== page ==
- Greatly more public schools allocate resources fairly like charter schools already do and like Establishment schools, sadly, don’t.
Under each of these hallmarks, our argument is that it is in the best interest of all students and communities that schools have these characteristics, but it is particularly damaging to our most vulnerable students when schools don’t.
For example, under “public schools serve all kids,” our argument is that all students would be better supported if they attended schools like charter schools where attendance is not determined by a family’s place of residence or by selective admissions criteria. But it is particularly damaging to our historically underserved students when they are prevented access to schools based upon their place of residence or how they perform on a test.
Or under “public schools are accountable,” we think that all students would be better served if they attended schools that were truly accountable like charter schools are – had third party authorizers who determined every five years whether the schools had generated results strong enough to merit continued operations. But when schools aren’t truly accountable, it is our historically underserved students who suffer most.
Or under “public schools allocate resources fairly,” we think it would be better for all students that public schools have to approve their budgets down to the school level. But when they don’t, it is invariably the highest need kids who suffer most.
And our vision for public education, the North Star that we are driving toward is not that some public schools function this way, but that all do.
This is what has changed over the first three decades in the charter school story. In the beginning our task was simply to show that some public schools, any public schools, could be made which embody the characteristics of greater publicness. And that’s what we did to a stunning degree, opening up thousands of charter schools across the country. But now, having made that progress, we recognize that we have developed a credibility on these issues that positions us uniquely in the landscape to push the Establishment to rid itself of the practices that so wantonly benefit the private few rather than the public all.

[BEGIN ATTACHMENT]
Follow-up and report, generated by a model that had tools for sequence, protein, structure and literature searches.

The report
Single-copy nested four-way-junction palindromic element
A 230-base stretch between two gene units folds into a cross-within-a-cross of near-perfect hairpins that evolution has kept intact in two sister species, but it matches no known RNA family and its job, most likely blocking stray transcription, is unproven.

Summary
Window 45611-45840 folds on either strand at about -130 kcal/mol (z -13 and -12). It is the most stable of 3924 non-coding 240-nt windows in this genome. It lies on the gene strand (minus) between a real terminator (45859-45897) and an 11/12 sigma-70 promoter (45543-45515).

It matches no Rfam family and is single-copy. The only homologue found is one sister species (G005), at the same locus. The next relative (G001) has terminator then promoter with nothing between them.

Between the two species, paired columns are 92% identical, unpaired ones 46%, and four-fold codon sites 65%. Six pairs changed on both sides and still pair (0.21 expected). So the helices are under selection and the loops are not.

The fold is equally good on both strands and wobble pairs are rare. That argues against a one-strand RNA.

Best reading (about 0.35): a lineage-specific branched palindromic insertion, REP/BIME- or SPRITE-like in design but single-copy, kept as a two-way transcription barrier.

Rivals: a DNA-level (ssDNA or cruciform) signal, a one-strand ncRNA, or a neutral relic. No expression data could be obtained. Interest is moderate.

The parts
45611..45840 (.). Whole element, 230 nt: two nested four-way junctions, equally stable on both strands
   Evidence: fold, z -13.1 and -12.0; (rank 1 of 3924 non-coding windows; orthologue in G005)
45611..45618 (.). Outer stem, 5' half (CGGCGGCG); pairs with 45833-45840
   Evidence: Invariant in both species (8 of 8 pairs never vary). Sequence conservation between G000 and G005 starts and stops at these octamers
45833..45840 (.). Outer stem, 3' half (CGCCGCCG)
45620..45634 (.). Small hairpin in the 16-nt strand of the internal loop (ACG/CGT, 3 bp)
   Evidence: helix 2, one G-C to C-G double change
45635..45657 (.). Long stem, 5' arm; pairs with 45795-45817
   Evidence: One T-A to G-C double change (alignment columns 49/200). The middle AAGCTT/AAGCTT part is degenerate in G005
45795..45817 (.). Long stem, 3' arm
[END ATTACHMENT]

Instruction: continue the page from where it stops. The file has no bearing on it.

Toward that broader end, a big part of what we do, of course, is grow new charter schools in order to get as many kids as possible, as quickly as possible, into schools already featuring these hallmarks of greater publicness. This is our historical bread and butter, helping charter schools grow, and we should not be anything but full-throated about our desire to accelerate growth as much as possible going forward.
But that can’t be the only thing we do!
In order to demonstrate our care for all kids and all communities, we also push the Establishment to adopt hallmarks of greater publicness as quickly and as fully as possible. In fact, we grow and activate our entire movement behind policy proposals to make the entire public school system greatly more public. As we grow, not only do we see more kids being served in schools that are greatly more public, but we also see ourselves building the advocacy strength needed to accomplish what has never been done before – an overcoming of Establishment protection and a freeing of public education to finally become what it was always intended to be.
It is a vision that passes the Question 2 test I referred to last week by showing how the entire public education system gets better as charter schools grow. That’s an important step forward, but ultimately, it is still not sufficient. Growing schools and pushing the system to evolve is ultimately a two-legged stool. The vision we need requires a third leg. Without it, the whole thing tips over.
What is it?
It grows out of what was my absolute worst failing during my years at CCSA. In my opinion it is probably the biggest mistake we have made in the history of the charter school movement. Something that, if corrected, would bring all the pieces together and create a vision that would poise charter schools for another era of unprecedented momentum and impact.
What was that failing? What’s the missing third leg?
Can’t wait to see you here Thursday, CharterFolk.